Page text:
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Univ. of Queensland Press, 2011 - Poetry - 229 pages
Poor Doris, she was like an uprooted tree swirling through the eye of a tornado, one viewer feels, an aquatic Dorothy Gale in a gale. Then she married again and again, but America is sleeping safely with its secrets in the Western night. Radical revisions, mistranslations and multilingual dealings: in Starlight, John Tranter destroys and rebuilds works by poets including Baudelaire, Mallarme, Ashbery and T.S. Eliot. The back story of modern poetry is vigorously interrogated, though the narratives are contemporary and the action takes place in the arena of the here and now. The atmosphere crackles with colloquial energy and the dialogue undercuts itself with a dry wit. Tranter's restless craft is evident in the service of a complex and free-ranging style in this brilliantly playful collection.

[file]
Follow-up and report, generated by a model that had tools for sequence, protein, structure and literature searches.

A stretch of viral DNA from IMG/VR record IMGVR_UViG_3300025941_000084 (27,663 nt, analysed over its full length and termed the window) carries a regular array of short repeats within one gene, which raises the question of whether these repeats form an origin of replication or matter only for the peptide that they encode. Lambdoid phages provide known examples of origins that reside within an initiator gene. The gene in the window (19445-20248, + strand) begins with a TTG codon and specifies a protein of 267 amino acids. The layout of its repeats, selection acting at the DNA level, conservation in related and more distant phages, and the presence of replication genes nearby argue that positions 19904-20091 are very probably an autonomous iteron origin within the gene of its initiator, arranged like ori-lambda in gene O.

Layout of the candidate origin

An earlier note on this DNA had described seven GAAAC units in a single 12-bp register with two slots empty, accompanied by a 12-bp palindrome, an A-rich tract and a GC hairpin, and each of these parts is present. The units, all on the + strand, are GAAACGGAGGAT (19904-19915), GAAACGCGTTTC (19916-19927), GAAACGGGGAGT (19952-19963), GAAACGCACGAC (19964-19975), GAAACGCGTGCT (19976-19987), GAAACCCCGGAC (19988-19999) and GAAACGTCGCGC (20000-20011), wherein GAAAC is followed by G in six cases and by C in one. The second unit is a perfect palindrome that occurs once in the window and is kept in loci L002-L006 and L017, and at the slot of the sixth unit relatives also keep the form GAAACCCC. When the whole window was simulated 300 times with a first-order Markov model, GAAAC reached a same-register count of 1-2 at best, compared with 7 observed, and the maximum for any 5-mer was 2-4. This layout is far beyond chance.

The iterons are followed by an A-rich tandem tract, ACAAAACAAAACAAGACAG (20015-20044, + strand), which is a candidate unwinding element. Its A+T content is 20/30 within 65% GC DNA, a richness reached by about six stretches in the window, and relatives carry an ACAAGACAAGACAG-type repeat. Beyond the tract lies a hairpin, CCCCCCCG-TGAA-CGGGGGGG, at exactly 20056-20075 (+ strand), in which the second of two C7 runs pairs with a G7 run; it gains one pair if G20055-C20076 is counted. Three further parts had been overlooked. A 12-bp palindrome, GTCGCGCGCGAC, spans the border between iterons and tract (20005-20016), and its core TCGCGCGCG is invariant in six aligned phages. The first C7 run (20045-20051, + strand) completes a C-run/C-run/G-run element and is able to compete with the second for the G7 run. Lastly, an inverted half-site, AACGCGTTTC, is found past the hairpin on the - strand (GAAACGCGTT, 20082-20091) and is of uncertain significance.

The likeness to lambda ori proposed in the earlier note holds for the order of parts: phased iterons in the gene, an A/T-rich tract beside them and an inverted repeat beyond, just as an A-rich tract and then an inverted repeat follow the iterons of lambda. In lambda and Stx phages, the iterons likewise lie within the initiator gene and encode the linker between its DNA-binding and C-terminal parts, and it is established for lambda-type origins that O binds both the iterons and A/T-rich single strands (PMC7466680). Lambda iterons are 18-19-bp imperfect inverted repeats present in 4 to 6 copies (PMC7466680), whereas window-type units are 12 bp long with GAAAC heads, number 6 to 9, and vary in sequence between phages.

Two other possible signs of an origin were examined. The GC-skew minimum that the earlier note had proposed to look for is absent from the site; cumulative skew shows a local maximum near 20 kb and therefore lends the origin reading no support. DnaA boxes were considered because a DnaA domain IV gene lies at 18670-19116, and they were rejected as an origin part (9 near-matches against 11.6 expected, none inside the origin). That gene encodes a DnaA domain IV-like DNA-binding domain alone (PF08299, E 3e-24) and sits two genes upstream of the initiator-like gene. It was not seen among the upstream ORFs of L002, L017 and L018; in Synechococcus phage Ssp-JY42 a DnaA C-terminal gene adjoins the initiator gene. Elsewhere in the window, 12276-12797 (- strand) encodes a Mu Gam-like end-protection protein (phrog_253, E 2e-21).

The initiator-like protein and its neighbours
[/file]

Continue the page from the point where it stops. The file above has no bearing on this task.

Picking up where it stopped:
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User Review  - Thorpe-Bowker and Contributors - Books+Publishing

We would have lost a nuclear war If one had happened, but I was busy Paying off my darling's credit cards, and I wouldn't have noticed . (`The Drunk at the Lecture') The publication of Starlight marks ... Read full review


Speaking French
At The Movies
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About the author (2011)

John Tranter is an internationally renowned poet. His many volumes of poetry include Under Berlin (UQP 1988), which won the Grace Leven Prize, and At the Florida (UQP 1993). He edited the controversial anthology The New Australian Poetry, and co-edited The Penguin Book of Modern Australian Poetry with Philip Mead in 1993, now the standard text in its field. He is the author of twenty books and editor of the free internet magazine Jacket.

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